Scott Keach clinic

I am finally home from the long Aspen “weekend”. And what I learned is that I might be one of the most stupid people ever. I thought that I could coach at Aspen HT all weekend and come home and sleep in my own bed at night. But I brilliantly forgot that it is Labor Day weekend and I had at best, 2 hours to kill on I-5, 4 hours at tops. It was terrible! My girls, Kasey and Chase, did great however, so at least I arrived to cheery riders.  But, note to self: Dont do that again.  I am comparing the last 3 weeks to strip mining my soul:  from the pre-Derby prep, Derby, Don clinic, Aspen HT and Scott clinic… its been rough on my humor and fingernails.

But I did have a fantastic time with Scott Keach. If you dont know him, he is a new US transplant from Oz, and living in NH/FL. He rode in Seoul Olys and competes at Grand Prix in show jumping. Knowing that he was obviously very good at arena work, I knew I needed his help with Taco.  He gave me some very, very helpful tips to ride hot Taco and they really jive with my own views of riding.

Most clinics I go to (which are not all that frequent) I find it is important to take some aspects of what you were told to do and see how it integrates into your own way of riding. I am a soft rider by nature, and that has its pros and cons. Ive been yelled at plenty of times for not being strict enough with my horses, and I have also been praised for having a soft, instinctual feel of the horse.

All that being said, I found that I liked most everything that Scott told me, and also most everything that he told my comrade, Suzy Elliot. I feel like he took our riding and gave us some key hints that we could digest and integrate into our own way of going. He did not try to remake our approaches, rather he took what we had and gave us concise points to take the next step. Because he rides at GP for show jumping, he knows that us eventers tend to have our own unique style over fences, which is very different from the show jumpers.  We ride in a very light seat (perhaps he means an American trend here) and there is a reason why the pure show jumpers sit the way they do… because it produces a better jump out of the horse. His point with Taco was that my half seat is causing me to overly use my hands to regulate my hot Taco. Where if I use my seat and cause Taco to maintain self-carriage all on his own…. well, then that will produce a quieter, softer ride. And it was true, it did. I need to practice it and own it myself, so that will take time. But I do know that the way I jumped Taco around Caber was NOT the ticket. He was blasting through the bridle with the slightest indication from me – causing me to tiptoe around him and then haul on him.  Not good. I hope to show yall the improvements soon…. after hours of practice!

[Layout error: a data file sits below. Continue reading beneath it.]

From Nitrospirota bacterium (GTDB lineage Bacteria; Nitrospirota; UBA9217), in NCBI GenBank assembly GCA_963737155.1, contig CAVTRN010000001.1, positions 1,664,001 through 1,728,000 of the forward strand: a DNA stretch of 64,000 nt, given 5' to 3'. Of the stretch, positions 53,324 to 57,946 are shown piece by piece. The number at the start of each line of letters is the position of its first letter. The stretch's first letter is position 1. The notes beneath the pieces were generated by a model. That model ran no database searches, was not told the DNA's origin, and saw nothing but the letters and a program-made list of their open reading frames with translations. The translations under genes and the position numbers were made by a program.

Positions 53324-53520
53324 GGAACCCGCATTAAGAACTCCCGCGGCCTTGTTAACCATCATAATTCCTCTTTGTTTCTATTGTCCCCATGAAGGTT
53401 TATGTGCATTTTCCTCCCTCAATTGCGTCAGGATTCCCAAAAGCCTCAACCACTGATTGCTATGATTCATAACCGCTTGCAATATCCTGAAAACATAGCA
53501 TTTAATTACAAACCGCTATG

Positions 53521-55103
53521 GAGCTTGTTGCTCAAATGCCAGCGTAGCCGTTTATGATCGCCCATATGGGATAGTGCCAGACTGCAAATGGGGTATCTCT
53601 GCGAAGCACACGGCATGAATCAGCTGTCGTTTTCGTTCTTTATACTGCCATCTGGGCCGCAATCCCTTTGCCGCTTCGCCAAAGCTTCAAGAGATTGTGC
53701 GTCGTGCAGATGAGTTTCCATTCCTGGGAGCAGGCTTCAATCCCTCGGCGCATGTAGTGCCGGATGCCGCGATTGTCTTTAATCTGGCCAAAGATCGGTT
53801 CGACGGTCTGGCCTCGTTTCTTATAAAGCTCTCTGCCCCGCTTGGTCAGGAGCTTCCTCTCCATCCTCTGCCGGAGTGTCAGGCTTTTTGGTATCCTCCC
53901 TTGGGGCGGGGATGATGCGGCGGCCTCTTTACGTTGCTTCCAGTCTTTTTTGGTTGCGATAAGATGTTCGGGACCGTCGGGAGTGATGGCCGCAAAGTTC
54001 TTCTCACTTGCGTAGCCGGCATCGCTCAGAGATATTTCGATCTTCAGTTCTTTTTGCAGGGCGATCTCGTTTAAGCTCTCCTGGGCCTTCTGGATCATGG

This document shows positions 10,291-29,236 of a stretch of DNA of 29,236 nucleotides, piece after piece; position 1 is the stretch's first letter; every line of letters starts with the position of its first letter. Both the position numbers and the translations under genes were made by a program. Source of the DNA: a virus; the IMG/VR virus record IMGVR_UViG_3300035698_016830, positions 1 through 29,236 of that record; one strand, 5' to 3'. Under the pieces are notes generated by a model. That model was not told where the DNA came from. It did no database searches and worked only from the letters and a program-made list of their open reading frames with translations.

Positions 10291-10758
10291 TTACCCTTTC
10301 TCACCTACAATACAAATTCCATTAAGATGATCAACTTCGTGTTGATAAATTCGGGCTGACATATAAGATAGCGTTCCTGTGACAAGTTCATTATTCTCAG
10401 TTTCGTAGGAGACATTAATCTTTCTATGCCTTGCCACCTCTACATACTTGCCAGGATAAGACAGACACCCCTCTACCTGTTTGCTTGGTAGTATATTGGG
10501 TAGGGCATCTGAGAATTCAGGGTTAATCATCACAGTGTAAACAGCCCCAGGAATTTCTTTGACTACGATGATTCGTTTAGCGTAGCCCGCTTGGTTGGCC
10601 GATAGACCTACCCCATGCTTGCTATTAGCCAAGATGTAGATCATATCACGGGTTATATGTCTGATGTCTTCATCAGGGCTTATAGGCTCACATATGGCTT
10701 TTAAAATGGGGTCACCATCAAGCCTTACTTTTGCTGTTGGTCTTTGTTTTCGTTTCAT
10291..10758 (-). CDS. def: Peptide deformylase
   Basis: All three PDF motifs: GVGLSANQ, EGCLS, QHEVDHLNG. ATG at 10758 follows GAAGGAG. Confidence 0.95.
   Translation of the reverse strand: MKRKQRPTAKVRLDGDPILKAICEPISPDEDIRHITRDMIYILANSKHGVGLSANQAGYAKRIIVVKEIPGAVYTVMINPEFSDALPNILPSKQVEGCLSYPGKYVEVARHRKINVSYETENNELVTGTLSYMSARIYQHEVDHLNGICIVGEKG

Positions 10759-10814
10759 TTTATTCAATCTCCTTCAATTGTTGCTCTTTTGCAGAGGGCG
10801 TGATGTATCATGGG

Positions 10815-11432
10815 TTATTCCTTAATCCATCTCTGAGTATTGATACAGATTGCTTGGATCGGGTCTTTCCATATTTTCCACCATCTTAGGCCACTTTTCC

Suzy and I are joining powers for the trip south to Twin Rivers HT in a few weeks. I think that is going to be my last event of the year. Suzy is moving Uno up to Advanced and I will be affirming our intermediate skills. Should be a vacation for us, one horse a piece and no students?! amazing. Maybe we will go wine tasting and do stuff that I hear other people do when they travel.

2 Responses to “Scott Keach clinic”

  1. Taylor S

    Love reading your blog, its like getting a riding lesson! When I am stuck horseless on the other side of the country…

  2. meika

    Hi Taytay! Im glad that you are enjoying a bit of horse reading in your cosmopolitan life. We are jealous of your urban lifestyle and all the cool restaurants and museums at your disposal. You can be envious of our mucking, bucket washing, currying, tack cleaning and sweeping!

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